Review: A Peaceful Conquest

Randall Balmer

Randall Balmer is John Phillips Professor in Religion at Dartmouth College.

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Randall Balmer, "Review: A Peaceful Conquest," Journal of Southern Religion (19) (2017):

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Cara Lea Burnidge. A Peaceful Conquest: Woodrow Wilson, Religion, and the New World Order. Chicago: University of Chicago Press, 2016. 232 pp. ISBN 9780226232317

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In recent decades, the field of religion and diplomacy, or religion and foreign policy, has emerged as a new frontier in the historiography of religion in North America. Much of that scholarship has been credible; others, not so much. Happily, Cara Lea Burnidge’s book on Woodrow Wilson’s foreign policy fits snugly into the former category.

A reader looking for deep insight into Wilson’s early life or even his brief political career before the White House will come away disappointed. Others, most recently Barry Hankins, have covered that territory. Burnidge does establish that Wilson’s family of Southern Presbyterians understood slavery as part of a godly order and “that white male leadership was at the heart of God’s design” (14). Wilson, who claimed utter certainty about his religious convictions, embraced the social gospel and the postmillennial mandate to regenerate society, which brought Protestantism outside the walls of the churches. For Wilson, Burnidge writes, “Progress was not defined as dismantling barriers between social distinctions like race, class, or gender but rather through aligning those distinctions under proper Christian leadership” (30).

Burnidge dispatches with Wilson’s term as governor of New Jersey in little more than a paragraph (“New Jersey” doesn’t even make it into the index). Instead, her focus is on how Wilson translated his ideas about godly order and American exceptionalism into foreign policy. As for Wilson’s initial resistance to the United States’ entry into World War I, Burnidge attributes this more to strategy than principle. He wanted to position the nation ultimately to benefit from the war. In the author’s words, “Wilson conceived of neutrality as a means of peacemaking, not pacifism” (65).

With his 1916 reelection behind him(“He kept us out of war!”)Wilson was free to pursue his international ambitions of a new world order. As the war drew to a close, Wilson positioned himself as the architect of the peace, somewhat to the dismay of allies. Burnidge reads his Fourteen Points as “a mounting crescendo in the global application of the social gospel” (83).

The rest of the story is familiar, a cautionary tale of presidential overreach. Wilson insisted on being his own emissary at the Paris Peace Conference, inevitably neglecting political fences at home. His Covenant of the League of Nations (and “covenant” is an important word for Presbyterians) opted for “a nonsectarian league implicitly built upon Christian principles over a league that explicitly named Christianity as its sectarian moral and legal foundation” (94).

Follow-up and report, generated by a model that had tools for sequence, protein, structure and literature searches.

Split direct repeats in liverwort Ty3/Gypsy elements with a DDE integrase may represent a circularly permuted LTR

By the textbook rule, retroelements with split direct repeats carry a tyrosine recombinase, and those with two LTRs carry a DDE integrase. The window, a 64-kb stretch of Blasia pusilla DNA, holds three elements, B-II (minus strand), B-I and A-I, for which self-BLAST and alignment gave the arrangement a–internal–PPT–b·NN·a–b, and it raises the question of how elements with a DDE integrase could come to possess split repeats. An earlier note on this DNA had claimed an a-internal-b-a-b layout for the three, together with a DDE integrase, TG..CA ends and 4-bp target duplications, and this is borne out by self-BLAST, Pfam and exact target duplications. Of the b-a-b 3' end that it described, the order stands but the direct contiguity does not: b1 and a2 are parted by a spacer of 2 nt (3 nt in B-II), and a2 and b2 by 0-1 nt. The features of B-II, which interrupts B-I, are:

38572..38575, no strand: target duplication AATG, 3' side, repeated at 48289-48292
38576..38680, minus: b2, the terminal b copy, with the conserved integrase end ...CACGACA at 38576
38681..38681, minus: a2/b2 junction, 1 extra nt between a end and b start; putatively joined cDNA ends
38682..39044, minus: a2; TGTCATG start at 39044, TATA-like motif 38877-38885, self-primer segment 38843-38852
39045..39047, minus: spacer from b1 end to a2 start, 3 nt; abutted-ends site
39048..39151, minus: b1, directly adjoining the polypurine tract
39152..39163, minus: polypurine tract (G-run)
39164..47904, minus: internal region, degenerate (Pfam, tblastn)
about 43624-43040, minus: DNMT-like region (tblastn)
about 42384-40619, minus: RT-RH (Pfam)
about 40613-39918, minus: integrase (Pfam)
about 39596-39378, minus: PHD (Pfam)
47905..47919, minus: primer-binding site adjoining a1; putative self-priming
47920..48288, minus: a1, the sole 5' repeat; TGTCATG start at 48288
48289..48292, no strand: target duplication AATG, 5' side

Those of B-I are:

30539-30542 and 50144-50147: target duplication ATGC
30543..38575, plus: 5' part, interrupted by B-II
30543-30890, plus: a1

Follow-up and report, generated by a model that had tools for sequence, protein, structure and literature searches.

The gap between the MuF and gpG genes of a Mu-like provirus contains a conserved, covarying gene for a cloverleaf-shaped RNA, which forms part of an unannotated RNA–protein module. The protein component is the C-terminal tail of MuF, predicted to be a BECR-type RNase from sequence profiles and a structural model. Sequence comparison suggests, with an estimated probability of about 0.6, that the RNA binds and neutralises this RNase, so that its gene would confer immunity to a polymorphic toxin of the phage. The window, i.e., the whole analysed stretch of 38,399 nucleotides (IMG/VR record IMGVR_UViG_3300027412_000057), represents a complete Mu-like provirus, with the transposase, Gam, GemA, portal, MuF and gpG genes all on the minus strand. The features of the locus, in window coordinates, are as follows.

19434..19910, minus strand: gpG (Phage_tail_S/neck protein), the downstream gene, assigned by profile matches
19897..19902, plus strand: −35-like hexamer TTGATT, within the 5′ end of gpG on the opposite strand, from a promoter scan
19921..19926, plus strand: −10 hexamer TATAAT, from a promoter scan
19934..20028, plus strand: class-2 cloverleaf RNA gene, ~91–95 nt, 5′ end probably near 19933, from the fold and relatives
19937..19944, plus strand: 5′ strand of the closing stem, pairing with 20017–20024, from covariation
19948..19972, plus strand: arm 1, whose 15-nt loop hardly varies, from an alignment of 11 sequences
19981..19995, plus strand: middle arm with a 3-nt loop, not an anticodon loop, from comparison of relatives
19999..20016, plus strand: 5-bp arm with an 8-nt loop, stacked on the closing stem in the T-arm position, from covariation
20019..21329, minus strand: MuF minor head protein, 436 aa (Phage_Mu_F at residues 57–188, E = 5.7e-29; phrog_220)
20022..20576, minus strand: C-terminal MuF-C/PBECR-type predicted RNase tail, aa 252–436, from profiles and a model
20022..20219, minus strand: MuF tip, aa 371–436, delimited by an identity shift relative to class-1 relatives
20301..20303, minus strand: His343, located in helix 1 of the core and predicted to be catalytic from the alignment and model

The Senate, however, was not buying it. Wilson returned to a Congress, and a nation, deeply skeptical of the League of Nations. Here Burnidge offers a new understanding of the divide in Protestantism, which she suggests was greater than the internationalist-isolationist divide in the Senate: “The fulcrum on which the covenant’s ratification rested—whether or not the United States should engage fully with the world or remain isolated from it—also held in the balance internal evangelical debates about whether or not Christians should be ‘of’ the world or live ‘in’ yet isolated from it” (108). Liberal Protestant clergy supported the League where as more theologically conservative evangelicals did not.

Wilson’s national whistle-stop tour to rally support for ratification proved to be his undoing. He suffered a stroke on October 1, 1919, which debilitated him for the rest of his presidency, and his life. His vision of Christian progress and American exceptionalism would meet  defeat at the hands of Republicans in the Senate as well as the fundamentalists. Wilson’s aspirations to run again for president were rendered moot by his death on February 3, 1924, although his ideas came to be seen by many as prescient as the world careened toward a second world war.

Burnidge’s significant contribution here is seeing the fundamentalist-modernist controversy of the 1920s in a new light. “As Wilson’s presidency came to an end, the white Protestant moral establishment experienced its own Great War,” she writes. “Rather than designating an adherence to a set of fixed, ahistorical doctrines or a coherent organized body of believers, describing oneself or others as ‘evangelical’ was a way to identify a relationship among other American Protestants. In the political climate of 1920, premillennialism and antiliberalism became new markers for belonging to American evangelicalism” (132).

With deft analysis and impressive command of her sources, Burnidge provides a new perspective not only on Wilson’s foreign policy but on the changes convulsing American Protestantism in the early decades of the twentieth century.